RESOLUTION and the tactic of mediation Should family mediation work alongside justice?

Some of you may know that I am on the verge of High Court litigation with the National Committee of Resolution (‘NC’). This saddens me. My requests to NC to mediate have been met with silence. Their NC seems to me to ‘represent’ the membership in only the most technical sense. For example, they will not (or cannot), find minutes for the decision I challenge.

Of mediation, NC now employs a lawyer http://www.mills-reeve.com/richard-dawson-gerrard/, who agrees to mediate, only if he knows everything. Thus far I may still know nothing. He says on his firm’s web-site, that ‘one of my proudest moments’ was to use mediation to force through a tactic in litigation (so what hope have his clients and I?):

‘Supporting my clients’ objectives

‘I have previously acted for a large family business facing a major product liability claim without insurance. A loss would have meant devastating consequences for the business and the family, as the company held significant cash reserves. The strategy was key to buy time to restructure and reduce risk but not to show weakness. Through detailed work with our client on the technical evidence and by using the court process to its full extent we bought time and at mediation pushed the opponent into capitulating and paying our costs. This positive result for longstanding clients, who are now my friends, was one of my proudest moments.’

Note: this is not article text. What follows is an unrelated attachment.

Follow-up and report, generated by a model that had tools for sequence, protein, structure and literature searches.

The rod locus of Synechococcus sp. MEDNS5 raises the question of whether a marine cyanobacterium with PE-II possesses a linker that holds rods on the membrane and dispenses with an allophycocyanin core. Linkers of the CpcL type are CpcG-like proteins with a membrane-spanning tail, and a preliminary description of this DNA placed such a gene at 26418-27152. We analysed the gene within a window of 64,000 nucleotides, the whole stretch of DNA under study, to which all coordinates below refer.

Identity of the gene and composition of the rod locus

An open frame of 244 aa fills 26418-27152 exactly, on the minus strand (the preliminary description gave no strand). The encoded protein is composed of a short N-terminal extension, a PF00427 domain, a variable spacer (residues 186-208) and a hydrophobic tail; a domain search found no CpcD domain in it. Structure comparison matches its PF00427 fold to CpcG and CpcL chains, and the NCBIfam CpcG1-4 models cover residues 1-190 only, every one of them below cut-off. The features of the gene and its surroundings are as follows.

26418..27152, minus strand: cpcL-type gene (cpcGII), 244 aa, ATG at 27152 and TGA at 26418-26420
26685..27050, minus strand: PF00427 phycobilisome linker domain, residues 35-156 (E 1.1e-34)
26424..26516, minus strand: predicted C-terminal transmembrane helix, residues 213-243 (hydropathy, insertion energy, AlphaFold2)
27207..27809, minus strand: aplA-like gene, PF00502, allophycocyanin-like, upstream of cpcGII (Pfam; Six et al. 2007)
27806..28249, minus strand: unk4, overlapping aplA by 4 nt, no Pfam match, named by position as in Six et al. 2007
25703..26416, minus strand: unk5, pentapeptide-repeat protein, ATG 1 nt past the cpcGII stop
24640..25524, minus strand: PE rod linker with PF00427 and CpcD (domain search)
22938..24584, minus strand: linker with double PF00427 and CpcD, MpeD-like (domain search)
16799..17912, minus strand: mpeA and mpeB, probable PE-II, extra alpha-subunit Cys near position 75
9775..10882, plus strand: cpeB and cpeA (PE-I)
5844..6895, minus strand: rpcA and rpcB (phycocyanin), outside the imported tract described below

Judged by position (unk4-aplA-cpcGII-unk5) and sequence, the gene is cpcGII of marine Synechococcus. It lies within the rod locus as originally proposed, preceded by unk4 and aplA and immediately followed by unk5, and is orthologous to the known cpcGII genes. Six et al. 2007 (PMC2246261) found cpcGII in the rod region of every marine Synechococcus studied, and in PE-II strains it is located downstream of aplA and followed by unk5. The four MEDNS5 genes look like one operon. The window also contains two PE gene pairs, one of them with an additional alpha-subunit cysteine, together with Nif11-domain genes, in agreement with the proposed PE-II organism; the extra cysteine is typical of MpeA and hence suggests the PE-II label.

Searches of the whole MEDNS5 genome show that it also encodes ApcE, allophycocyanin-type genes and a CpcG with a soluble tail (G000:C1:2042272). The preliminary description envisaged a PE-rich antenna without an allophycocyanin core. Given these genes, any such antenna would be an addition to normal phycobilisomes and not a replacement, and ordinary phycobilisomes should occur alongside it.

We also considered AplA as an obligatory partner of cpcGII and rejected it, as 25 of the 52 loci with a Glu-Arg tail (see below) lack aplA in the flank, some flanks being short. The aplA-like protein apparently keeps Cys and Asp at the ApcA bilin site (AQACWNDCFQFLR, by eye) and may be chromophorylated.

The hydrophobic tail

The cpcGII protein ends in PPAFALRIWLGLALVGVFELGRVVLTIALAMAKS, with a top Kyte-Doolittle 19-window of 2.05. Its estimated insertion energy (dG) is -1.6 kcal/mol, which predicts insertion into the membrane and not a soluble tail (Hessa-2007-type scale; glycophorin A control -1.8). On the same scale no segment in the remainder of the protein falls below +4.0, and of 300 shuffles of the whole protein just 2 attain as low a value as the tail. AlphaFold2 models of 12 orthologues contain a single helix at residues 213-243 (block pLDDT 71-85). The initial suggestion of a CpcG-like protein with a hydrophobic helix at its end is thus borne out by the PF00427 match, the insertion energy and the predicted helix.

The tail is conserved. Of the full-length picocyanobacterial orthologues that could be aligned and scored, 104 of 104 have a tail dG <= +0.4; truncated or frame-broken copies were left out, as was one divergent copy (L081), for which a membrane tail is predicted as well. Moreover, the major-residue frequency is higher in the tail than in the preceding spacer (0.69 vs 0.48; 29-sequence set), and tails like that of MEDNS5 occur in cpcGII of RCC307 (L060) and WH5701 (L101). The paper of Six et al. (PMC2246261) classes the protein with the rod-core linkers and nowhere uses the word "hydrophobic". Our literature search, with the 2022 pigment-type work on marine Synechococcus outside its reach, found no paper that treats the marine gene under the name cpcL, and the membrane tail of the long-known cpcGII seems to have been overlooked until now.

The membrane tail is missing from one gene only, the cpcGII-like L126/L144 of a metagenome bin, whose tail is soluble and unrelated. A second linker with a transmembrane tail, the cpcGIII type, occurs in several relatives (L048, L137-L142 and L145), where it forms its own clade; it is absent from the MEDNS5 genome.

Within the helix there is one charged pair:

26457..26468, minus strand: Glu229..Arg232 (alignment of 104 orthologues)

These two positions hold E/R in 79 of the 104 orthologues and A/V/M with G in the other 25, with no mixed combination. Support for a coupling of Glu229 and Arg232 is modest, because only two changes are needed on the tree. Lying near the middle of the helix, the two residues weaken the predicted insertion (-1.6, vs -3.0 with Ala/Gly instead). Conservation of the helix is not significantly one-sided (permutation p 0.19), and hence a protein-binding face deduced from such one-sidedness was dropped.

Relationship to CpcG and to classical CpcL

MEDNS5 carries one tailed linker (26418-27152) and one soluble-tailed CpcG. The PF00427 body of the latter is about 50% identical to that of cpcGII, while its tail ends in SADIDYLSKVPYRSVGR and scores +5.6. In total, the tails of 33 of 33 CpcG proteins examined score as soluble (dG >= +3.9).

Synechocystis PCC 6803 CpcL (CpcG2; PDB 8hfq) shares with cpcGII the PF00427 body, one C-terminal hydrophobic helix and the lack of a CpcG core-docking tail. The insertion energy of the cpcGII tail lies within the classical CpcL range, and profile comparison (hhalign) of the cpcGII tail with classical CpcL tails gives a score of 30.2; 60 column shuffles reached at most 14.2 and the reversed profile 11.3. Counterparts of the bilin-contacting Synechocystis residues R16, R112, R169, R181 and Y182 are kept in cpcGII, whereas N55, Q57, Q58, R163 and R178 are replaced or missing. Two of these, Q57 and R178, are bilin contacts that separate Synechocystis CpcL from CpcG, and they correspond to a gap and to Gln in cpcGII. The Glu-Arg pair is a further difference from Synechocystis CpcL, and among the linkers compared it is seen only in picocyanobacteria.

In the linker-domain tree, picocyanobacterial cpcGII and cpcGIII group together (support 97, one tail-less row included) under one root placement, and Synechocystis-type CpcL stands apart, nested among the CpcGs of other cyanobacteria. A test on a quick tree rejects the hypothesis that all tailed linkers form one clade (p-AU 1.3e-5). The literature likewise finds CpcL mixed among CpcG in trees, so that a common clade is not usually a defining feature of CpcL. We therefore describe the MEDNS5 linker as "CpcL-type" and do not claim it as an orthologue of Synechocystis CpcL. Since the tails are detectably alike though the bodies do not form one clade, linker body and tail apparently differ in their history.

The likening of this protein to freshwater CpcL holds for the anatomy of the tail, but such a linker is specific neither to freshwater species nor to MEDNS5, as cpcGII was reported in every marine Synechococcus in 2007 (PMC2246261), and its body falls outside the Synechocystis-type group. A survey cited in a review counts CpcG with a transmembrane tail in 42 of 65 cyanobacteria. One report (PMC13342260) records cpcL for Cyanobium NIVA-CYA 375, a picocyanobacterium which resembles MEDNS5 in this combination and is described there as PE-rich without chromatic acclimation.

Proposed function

He is not a family mediator, so he may be entitled to different ethics – an interesting question, in itself, for the future of family mediation. Does the above quote sits uneasily with the main mediation aims of most Resolution members? The NC lawyer’s first duty, namely to the court, seems blurred, or might think the casual reader. Many of us prefer to see justice: and, I would guess, to see mediation as working in parallel, and supporting justice. This lawyer – himself professedly a mediator – seems to see it as a tool for a solely partisan approach.

Or do I self-serve, and over-react? The above may be special pleading in my case, and with my particular issue with NC. That to one side, does the concept of family mediators serving justice; of family mediators seeking to settle cases fairly for the parties; and, pending final resolution, of family mediators working in parallel with fairness: does all that sound too pious? Or, as a general set of short propositions, could it work?

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